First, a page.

We are, so far, aware of three different types of camera experimentation going on with Canon R5 units around the world in attempts to figure out why it is that the camera shuts down video in some formats after relatively short sessions. We have a portal built to monitor this and other R5 issues here. Before moving on to the different types, it should be noted that there is a reliable solution to the problem already established: take the memory cards out of the camera, and record video in the high bitrate modes to an external video recorder, like the Atomos Ninja V. But for those wanting to dig into the particulars of exactly why the camera acts the way it does, here are the three lines of hand-wringing inquiry:
Some folks in China opened up the camera and monitored temperatures while running it. Numerous YouTubers ran multiple tests to try to determine causal links. Others are trying out hacks that might trick the camera into thinking it doesn’t have a problem.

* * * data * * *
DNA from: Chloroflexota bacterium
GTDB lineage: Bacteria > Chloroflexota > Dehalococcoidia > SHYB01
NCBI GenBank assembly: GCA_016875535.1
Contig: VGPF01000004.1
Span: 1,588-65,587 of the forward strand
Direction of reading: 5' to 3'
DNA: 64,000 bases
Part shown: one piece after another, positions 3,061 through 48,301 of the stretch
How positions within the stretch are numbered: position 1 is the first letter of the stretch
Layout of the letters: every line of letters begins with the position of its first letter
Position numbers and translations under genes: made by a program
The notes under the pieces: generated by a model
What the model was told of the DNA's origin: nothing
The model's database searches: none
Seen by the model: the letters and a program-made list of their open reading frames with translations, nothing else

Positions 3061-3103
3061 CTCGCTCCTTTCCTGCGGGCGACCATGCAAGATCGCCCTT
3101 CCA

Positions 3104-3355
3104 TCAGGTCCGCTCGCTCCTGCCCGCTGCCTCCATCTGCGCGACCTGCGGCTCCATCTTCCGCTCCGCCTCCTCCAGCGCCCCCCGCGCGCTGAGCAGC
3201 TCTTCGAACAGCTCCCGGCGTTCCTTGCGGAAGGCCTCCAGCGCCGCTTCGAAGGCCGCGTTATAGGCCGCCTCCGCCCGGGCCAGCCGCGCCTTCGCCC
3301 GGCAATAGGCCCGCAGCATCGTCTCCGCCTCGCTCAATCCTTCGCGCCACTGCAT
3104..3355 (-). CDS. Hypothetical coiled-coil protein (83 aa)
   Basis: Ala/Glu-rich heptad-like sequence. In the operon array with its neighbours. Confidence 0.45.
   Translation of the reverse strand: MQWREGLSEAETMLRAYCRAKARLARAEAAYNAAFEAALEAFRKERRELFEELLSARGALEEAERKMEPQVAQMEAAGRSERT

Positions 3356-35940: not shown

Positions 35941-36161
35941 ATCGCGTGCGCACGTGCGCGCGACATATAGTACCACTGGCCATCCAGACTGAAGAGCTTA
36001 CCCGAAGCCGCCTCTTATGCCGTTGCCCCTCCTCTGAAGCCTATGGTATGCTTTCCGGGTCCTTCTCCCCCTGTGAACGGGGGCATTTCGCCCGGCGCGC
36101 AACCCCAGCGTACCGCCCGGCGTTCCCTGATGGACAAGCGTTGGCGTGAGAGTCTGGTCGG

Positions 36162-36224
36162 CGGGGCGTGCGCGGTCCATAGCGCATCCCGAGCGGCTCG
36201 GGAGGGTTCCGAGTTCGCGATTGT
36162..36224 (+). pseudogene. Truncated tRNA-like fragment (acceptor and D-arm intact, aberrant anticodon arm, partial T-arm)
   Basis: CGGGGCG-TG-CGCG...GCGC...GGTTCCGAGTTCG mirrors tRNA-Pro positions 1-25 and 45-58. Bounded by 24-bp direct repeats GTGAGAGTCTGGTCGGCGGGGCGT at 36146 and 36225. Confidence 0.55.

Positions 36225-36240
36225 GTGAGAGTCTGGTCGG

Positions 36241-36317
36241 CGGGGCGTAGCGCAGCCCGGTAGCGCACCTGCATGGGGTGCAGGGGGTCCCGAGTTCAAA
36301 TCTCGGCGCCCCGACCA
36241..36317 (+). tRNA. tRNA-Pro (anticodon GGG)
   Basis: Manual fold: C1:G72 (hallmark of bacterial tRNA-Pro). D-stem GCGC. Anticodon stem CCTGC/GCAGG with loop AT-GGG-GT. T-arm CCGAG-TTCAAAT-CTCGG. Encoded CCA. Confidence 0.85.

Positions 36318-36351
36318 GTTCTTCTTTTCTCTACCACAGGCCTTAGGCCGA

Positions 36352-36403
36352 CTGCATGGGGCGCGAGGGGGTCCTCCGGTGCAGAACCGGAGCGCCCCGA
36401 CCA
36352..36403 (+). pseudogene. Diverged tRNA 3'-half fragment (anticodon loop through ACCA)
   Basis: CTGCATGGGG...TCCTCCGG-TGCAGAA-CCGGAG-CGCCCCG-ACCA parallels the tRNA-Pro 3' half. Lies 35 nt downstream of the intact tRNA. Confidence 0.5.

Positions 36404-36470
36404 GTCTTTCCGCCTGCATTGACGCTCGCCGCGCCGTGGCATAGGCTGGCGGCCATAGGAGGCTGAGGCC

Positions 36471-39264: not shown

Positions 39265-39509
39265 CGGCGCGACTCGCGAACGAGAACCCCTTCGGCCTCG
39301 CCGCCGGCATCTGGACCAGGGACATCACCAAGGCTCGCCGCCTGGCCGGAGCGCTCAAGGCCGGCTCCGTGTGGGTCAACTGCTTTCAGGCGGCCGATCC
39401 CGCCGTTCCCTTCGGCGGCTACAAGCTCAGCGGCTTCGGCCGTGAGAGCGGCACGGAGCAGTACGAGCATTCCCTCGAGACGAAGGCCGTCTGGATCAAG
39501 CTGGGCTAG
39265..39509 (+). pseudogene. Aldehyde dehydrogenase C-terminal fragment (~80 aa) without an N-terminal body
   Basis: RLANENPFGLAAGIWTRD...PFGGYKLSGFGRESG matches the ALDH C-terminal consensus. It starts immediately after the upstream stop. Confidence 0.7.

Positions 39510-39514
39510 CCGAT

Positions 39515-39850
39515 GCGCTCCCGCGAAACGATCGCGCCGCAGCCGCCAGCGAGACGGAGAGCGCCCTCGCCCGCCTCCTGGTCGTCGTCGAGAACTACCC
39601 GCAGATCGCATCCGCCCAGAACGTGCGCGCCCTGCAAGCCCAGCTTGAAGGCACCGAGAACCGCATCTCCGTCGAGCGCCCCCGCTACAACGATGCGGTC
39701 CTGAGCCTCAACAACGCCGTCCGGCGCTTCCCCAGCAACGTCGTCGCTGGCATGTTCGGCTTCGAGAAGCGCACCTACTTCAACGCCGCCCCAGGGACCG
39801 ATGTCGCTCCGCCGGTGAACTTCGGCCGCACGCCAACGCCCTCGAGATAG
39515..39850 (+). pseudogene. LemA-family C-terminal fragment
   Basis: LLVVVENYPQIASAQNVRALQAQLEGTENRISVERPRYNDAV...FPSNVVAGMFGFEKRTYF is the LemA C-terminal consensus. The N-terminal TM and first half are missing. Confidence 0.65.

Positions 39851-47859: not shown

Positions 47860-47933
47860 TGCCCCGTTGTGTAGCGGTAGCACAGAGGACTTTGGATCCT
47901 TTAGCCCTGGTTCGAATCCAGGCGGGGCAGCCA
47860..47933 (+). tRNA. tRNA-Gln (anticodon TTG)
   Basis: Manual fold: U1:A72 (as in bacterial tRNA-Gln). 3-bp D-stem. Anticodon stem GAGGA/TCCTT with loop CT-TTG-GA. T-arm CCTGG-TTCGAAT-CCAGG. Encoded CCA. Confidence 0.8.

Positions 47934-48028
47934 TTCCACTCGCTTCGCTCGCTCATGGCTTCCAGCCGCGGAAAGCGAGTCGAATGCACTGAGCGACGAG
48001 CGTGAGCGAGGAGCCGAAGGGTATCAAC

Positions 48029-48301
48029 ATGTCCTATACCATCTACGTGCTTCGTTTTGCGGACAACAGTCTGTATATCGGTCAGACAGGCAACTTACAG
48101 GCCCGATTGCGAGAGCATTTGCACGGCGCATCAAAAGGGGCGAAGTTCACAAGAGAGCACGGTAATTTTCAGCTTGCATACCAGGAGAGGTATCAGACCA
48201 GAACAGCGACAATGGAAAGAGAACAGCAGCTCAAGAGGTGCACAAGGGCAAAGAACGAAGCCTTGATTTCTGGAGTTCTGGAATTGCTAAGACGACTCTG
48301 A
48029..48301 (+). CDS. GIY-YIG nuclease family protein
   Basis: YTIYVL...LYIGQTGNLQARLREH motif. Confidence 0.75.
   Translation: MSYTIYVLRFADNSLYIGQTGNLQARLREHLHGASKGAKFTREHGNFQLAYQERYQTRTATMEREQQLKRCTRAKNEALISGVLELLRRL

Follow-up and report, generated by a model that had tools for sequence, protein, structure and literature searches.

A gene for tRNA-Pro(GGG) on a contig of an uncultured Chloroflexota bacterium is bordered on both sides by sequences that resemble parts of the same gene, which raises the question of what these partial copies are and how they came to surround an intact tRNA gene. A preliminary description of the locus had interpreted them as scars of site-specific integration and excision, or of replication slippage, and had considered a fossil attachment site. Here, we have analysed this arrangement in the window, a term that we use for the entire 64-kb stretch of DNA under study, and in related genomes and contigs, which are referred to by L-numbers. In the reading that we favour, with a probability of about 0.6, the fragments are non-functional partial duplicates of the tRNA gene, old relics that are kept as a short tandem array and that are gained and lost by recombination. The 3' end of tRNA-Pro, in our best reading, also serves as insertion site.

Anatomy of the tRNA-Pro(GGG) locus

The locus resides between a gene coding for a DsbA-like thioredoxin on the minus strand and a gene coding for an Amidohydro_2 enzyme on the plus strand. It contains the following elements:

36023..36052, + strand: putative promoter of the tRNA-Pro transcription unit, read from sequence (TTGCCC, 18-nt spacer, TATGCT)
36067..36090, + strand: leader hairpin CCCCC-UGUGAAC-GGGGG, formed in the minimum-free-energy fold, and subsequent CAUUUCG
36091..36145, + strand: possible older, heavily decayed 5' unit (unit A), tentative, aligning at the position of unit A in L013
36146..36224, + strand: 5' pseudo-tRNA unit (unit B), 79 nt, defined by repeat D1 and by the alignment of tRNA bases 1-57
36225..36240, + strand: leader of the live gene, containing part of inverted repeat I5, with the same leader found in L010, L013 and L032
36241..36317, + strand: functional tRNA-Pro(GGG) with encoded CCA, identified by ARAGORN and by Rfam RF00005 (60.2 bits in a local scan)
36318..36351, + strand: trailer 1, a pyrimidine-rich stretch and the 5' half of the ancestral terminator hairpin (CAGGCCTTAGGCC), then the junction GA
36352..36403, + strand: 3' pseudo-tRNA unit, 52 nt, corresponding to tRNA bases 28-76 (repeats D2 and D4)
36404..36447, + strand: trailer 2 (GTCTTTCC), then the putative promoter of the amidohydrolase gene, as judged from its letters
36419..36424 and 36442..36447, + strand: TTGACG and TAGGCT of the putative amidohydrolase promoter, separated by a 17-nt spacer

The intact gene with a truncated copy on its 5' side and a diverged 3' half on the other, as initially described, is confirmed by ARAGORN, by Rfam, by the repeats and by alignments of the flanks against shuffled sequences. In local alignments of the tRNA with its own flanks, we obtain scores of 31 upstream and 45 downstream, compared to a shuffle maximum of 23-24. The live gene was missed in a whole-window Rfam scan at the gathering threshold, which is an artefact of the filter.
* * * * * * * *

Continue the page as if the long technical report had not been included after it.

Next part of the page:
One such hack, shown below, involves tricking the camera into believing it is operational, when the battery is actually popped out (by using tape to trick the battery door sensor), allowing for a glitch in recording the most recent heat warning – or perhaps vacating some actual sensor data. It’s clear from the video that the fellow doing the experiment doesn’t know what is happening, but is happily reporting on the results.
All of this experimentation is rapidly filling in knowledge, but hardened opinions about what it means are likely premature. It isn’t clear that a conclusion can be drawn that Canon is just nerfing the camera to protect a more expensive video line that is coming out versus just taking some shortcuts in using runtime lengths as a proxy for likely heat build-up. If it’s the first, then these sorts of hacks should be harmless to the camera, and potentially useful. If it’s the latter, then there could be real damage to a component.
The cheap solution to this is purchasing an external recorder, which has a great number of other benefits for video shooters.